Arts
Arts > Showing the best

18 February 2016 | by Mark Lawson

Showing the best

 
A number of cultural institutions – including the BBC, Bafta and the Oscars – are under scrutiny for the whiteness of their repertoires and personnel. But theatre, though far from perfect, has a relatively better record on racial diversity, as is shown by the simultaneous London opening  of plays that find, in the history of African-American entertainment, major roles for black performers.Ma Rainey’s Black Bottom launched the reputation of August Wilson (1945–2005), who stands with Eugene O’Neill, Tennessee Williams, Arthur Miller and David Mamet among the most significant American dramatists to emerge in the twentieth century, each decade of which is represented by one of the plays in Wilson’s “Pittsburgh Cycle”.Taking its title from a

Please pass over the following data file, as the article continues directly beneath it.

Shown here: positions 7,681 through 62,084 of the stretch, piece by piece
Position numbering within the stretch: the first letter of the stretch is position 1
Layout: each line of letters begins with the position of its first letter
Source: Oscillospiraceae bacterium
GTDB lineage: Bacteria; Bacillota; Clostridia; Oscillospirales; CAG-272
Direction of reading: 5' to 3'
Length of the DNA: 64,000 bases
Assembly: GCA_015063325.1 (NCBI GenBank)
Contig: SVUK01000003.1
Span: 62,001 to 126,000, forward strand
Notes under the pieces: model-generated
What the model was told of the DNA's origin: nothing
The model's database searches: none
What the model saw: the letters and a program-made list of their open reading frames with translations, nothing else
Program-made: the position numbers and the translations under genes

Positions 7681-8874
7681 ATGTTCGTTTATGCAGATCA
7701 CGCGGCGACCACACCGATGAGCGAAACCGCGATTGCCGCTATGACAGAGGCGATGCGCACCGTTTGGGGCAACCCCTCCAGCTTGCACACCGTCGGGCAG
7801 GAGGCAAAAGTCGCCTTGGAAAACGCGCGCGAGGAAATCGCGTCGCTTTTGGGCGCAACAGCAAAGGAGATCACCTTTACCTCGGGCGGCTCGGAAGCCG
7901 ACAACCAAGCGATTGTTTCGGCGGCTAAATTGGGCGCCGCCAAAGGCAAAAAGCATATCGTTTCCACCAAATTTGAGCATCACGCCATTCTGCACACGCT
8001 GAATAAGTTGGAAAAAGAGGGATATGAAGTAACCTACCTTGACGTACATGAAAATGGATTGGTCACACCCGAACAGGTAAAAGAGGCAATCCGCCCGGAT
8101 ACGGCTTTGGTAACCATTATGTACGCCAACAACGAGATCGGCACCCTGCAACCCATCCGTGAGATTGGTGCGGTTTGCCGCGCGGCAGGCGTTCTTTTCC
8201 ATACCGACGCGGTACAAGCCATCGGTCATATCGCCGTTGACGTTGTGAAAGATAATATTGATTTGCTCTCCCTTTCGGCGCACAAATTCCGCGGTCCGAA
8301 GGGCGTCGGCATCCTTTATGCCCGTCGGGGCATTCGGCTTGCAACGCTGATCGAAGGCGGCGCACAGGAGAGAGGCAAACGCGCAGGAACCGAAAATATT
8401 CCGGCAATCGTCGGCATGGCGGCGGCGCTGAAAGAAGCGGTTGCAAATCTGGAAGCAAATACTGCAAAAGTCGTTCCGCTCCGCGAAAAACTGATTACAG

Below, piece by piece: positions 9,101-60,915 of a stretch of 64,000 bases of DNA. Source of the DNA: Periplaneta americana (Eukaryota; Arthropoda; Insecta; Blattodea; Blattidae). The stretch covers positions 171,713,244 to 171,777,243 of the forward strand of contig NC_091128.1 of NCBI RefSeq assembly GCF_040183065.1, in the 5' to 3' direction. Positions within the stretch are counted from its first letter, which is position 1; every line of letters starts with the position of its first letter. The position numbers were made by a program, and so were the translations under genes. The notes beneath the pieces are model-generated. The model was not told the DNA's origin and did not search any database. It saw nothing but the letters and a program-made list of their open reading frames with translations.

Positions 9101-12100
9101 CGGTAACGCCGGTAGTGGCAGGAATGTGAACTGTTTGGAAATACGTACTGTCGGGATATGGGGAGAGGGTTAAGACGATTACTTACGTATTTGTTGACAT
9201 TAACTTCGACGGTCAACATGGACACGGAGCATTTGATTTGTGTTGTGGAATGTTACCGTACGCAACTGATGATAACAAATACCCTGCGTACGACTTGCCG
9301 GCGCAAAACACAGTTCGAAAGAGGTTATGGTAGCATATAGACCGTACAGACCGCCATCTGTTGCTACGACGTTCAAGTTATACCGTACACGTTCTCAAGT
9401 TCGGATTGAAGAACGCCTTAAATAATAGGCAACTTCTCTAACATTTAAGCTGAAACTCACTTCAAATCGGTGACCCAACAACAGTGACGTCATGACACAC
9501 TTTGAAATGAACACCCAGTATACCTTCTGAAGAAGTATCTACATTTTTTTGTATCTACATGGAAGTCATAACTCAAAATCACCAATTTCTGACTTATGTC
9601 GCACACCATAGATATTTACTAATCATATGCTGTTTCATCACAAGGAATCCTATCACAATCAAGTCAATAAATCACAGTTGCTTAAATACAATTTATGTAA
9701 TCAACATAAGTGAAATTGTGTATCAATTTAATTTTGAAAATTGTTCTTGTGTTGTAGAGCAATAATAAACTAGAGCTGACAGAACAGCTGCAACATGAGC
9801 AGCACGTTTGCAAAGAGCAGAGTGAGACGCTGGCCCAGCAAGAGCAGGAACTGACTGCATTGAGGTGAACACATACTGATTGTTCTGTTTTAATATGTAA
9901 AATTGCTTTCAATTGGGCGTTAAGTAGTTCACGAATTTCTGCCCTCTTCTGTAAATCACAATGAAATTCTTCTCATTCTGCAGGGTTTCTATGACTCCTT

Subscriptions

Subscribe to The Tablet from just £19.99 quarterly
3 options available
Subscribe




Share this story

Article List


Post a Comment

You can post as a subscriber user...


User Comments (0)

Newsletter

Sign up for our newsletter

Sign Up

Latest Issue
Digital/PDF Version

PDF version (iPad-friendly)

Previous Issues
Tablet Subscription

Manage my subcription here

Manage
Top